- Cristina Fernandez de Kirchner has a blood clot on the surface of her brain
- A month of rest is recommended
- Spokesman: The president suffered cranial trauma in August
Argentine President Cristina Fernandez de Kirchner was told to take a month off work after doctors diagnosed her with a subdural hematoma.
The diagnosis and the doctor's recommendation mean Fernandez will be out of commission during the critical campaign season for congressional elections on October 27.
Spokesman Alfredo Scoccimarro said Saturday the president will suspend all her activities.
A subdural hematoma is a blood clot on the brain's surface beneath its outer covering, called the dura. Often, in people over 60, a brain trauma can cause the blood vessels in the brain to tear, and blood to clot.
In August, Fernandez, 60, suffered a cranial trauma, for which doctors conducted a brain scan and found normal results with no symptoms at the time, Scoccimarro said.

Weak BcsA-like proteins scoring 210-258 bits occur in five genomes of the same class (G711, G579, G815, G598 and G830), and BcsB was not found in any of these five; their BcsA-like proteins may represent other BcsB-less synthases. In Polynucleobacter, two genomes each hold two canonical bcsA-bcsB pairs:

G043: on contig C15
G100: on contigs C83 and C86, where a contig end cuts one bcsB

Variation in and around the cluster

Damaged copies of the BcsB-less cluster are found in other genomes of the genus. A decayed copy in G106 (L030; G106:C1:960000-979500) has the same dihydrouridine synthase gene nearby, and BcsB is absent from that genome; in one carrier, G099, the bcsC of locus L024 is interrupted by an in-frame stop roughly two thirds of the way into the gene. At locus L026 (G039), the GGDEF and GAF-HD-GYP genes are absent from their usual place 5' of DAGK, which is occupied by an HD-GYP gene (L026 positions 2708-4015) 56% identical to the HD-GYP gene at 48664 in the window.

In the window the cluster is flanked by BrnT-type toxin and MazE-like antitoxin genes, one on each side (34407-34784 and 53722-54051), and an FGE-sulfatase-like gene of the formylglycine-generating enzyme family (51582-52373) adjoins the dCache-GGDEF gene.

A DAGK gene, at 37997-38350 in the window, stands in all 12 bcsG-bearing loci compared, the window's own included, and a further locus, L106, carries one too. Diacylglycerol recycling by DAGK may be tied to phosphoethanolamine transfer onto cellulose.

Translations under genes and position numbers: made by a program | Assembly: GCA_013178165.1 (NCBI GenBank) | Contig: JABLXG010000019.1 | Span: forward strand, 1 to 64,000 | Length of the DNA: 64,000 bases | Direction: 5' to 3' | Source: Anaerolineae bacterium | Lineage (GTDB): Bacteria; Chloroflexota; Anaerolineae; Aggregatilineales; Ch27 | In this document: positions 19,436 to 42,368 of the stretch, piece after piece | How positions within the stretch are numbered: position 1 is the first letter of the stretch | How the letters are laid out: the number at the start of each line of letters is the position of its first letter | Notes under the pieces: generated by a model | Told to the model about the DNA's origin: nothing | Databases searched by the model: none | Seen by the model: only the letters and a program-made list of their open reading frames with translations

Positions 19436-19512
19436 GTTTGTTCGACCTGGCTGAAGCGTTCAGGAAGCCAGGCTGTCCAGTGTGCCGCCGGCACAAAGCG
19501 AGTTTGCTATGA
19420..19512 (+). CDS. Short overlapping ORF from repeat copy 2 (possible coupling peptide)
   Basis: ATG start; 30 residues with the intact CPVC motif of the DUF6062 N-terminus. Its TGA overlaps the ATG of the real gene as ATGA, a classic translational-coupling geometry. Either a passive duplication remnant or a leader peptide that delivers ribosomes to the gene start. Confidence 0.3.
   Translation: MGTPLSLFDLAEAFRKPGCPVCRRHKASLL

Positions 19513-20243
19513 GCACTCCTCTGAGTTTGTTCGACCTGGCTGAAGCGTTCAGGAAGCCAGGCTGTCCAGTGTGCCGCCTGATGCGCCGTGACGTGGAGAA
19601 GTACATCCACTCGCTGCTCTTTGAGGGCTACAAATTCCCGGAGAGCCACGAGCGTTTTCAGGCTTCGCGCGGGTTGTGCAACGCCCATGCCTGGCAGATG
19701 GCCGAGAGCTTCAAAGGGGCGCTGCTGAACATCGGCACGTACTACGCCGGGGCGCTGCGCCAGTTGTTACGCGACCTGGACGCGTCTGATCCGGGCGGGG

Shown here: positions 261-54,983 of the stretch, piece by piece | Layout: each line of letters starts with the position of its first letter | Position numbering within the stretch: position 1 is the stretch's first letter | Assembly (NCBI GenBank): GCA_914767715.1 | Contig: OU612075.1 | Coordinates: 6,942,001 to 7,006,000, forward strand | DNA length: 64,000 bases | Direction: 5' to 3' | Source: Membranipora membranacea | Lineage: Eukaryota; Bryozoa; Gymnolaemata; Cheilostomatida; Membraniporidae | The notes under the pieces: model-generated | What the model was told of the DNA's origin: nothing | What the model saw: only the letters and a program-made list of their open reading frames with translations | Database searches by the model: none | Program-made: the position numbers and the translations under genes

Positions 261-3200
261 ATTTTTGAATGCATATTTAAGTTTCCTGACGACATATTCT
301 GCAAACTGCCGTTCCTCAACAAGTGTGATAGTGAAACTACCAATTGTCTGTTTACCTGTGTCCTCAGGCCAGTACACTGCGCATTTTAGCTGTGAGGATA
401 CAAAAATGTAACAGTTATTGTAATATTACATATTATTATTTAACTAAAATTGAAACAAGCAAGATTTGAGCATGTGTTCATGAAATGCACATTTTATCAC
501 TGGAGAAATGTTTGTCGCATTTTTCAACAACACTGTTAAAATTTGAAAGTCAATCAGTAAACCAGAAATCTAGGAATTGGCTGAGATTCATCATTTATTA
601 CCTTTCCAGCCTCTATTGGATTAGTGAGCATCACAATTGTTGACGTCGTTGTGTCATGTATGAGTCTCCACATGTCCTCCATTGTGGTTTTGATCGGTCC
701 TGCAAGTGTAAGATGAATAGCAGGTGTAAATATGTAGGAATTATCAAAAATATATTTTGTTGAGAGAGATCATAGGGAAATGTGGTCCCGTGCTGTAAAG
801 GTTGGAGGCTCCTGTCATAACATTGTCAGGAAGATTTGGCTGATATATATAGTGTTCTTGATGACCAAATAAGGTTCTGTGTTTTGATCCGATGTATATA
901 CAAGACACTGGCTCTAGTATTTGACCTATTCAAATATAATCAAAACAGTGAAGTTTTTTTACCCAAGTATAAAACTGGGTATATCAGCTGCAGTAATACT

Doctors at a Buenos Aires hospital discovered the hematoma on Saturday after a neurological evaluation, he said.
According to Argentina's constitution, the vice president would assume the presidency temporarily in the president's absence, but officials have not said if that will occur in this situation.
Fernandez's health made headlines when she underwent surgery in January 2012 to remove her thyroid, after doctors said they detected cancer in the gland.
A few days later, a spokesman for Fernandez said she did not actually have cancer and that doctors had discarded their original diagnosis.